The journey of the English language is much like a walk through modern Detroit. It evolves, but never comes through history unscathed. However, of late some of the scathing is beginning to offend my delicate sensibilities.
I’m pretty disgusted at some of what the Oxford Dictionary people have now decided is all right. They have evidently decided, for example, that ‘literally’ (a word we very badly need to separate wild metaphor from candid description) really does also mean ‘very,’ since enough people misused it long enough. That’s basically the equivalent of deciding that if men can’t hit the urinal, we’ll just remove the urinal and let them miss the toilet instead. However, they aren’t the most annoying abusers of the language. Even the text generation, with ‘ur’ for ‘your’ and ‘lol’ used as a comma, aren’t the worst. They are like copious spitters on the sidewalk, throwers of chewing gum on it, and occasional urinators in the alley. They make English gross and crude, like the floor of a baseball dugout, but they aren’t really doing much damage.
The business-speak word coiners aren’t even the worst. I hate to say it, but they aren’t even that awful. I’m talking about stuff like morphing ‘downsizing’ to ‘rightsizing,’ or addiction to words like ‘best practices.’ Most of it is baloney, but the baloney is mostly heard and believed by its inventors, who do not usually take it out into polite society where it could offend cultured persons. This is like butchers putting filler into the ground meat products: it lowers the overall quality of English a bit, but rarely poisons anyone.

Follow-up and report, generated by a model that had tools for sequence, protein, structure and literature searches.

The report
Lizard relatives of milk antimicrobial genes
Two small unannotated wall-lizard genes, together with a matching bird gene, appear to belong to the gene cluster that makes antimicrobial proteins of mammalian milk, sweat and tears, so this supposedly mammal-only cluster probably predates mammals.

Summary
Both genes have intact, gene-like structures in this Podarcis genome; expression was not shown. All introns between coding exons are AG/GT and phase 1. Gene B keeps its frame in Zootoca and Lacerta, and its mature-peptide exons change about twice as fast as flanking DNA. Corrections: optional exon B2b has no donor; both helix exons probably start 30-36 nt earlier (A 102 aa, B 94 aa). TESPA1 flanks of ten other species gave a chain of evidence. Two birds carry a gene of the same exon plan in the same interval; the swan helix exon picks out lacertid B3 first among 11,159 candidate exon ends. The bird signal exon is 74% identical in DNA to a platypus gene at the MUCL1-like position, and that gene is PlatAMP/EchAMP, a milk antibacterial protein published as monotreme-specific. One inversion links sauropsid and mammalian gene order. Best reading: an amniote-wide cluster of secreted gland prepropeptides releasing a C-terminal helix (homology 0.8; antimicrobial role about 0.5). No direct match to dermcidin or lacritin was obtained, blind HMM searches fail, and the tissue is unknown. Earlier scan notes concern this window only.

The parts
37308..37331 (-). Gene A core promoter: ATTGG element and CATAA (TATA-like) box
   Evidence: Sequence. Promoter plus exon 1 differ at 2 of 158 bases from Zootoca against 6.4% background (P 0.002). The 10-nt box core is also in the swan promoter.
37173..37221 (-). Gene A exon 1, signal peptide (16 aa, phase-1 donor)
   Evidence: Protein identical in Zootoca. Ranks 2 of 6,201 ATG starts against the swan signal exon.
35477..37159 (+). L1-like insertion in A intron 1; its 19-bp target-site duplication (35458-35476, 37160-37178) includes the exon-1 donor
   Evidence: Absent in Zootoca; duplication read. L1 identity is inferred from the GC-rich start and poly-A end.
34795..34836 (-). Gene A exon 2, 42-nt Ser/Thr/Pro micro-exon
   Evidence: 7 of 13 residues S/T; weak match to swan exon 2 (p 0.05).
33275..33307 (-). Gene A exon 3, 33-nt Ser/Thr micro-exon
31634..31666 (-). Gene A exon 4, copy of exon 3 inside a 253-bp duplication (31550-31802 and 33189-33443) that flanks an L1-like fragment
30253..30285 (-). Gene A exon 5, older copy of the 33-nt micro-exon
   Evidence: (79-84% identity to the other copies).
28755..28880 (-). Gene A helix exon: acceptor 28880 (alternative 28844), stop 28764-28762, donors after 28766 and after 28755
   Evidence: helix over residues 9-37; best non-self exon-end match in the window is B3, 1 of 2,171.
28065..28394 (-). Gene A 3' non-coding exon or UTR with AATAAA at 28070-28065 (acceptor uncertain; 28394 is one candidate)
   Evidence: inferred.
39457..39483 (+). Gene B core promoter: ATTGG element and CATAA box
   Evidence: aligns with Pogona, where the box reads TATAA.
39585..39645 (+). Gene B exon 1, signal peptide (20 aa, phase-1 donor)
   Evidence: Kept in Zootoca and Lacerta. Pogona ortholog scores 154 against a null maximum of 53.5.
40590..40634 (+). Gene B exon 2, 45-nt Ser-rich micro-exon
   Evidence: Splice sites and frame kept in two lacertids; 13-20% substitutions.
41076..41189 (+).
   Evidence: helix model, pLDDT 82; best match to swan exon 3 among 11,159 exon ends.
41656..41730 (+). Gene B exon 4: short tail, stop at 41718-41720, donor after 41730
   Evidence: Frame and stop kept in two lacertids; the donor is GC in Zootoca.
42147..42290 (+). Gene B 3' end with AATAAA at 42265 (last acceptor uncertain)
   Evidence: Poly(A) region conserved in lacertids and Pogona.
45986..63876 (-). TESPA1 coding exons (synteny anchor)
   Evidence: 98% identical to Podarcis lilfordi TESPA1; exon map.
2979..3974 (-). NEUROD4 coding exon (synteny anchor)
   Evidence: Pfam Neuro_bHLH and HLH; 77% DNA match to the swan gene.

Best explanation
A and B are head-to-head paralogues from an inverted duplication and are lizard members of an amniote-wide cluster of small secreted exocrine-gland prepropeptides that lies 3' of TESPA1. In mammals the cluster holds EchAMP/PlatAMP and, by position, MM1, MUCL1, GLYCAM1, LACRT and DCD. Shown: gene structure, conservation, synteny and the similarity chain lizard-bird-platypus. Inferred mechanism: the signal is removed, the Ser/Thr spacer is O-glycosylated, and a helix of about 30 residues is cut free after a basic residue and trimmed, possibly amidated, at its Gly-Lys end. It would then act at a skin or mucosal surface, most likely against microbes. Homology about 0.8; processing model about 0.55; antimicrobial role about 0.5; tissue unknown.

No, the most irritating is made-up vaguely positive-sounding terms used as the actual names of corporations. Thrivent. Meritage. Exelon. Centene. Qwest. Visteon. Agilent. Actavis. Exelis. Altria. Viacom. Aramark. Meritain. Verizon. Navistar. Celgene. Entergy. Taligent. Cingular.
Credit to JP Morgan Chase, Bank of America, Electronic Arts, Monsanto and even AT&T, a rogues’ gallery of the vilest: at least their names are real words that refer to some real thing, person, etc.
These invented words go into the public mind and manipulate it, and cannot be extracted. They are goosing English in the crowded bus when they know there’s very little she can do about it, molesting her dignity and personal space. They are created by people who want to create a fiction in the public mind, hopefully one at variance with the truth (that the company only cares about quality and service if faults in those areas cause corporate harm). Don’t think that corporate invented-names are picked by employee contests. No, some very sophisticated psychological and literary sellouts get involved. Above a certain level of social control, accidents become very few.
This is crap. ‘Cingular?’ Really? ‘Thrivent?’ Seriously? ‘Meritain?’
I want to say “They cannot be serious,” but I’d be wrong. They can. They are.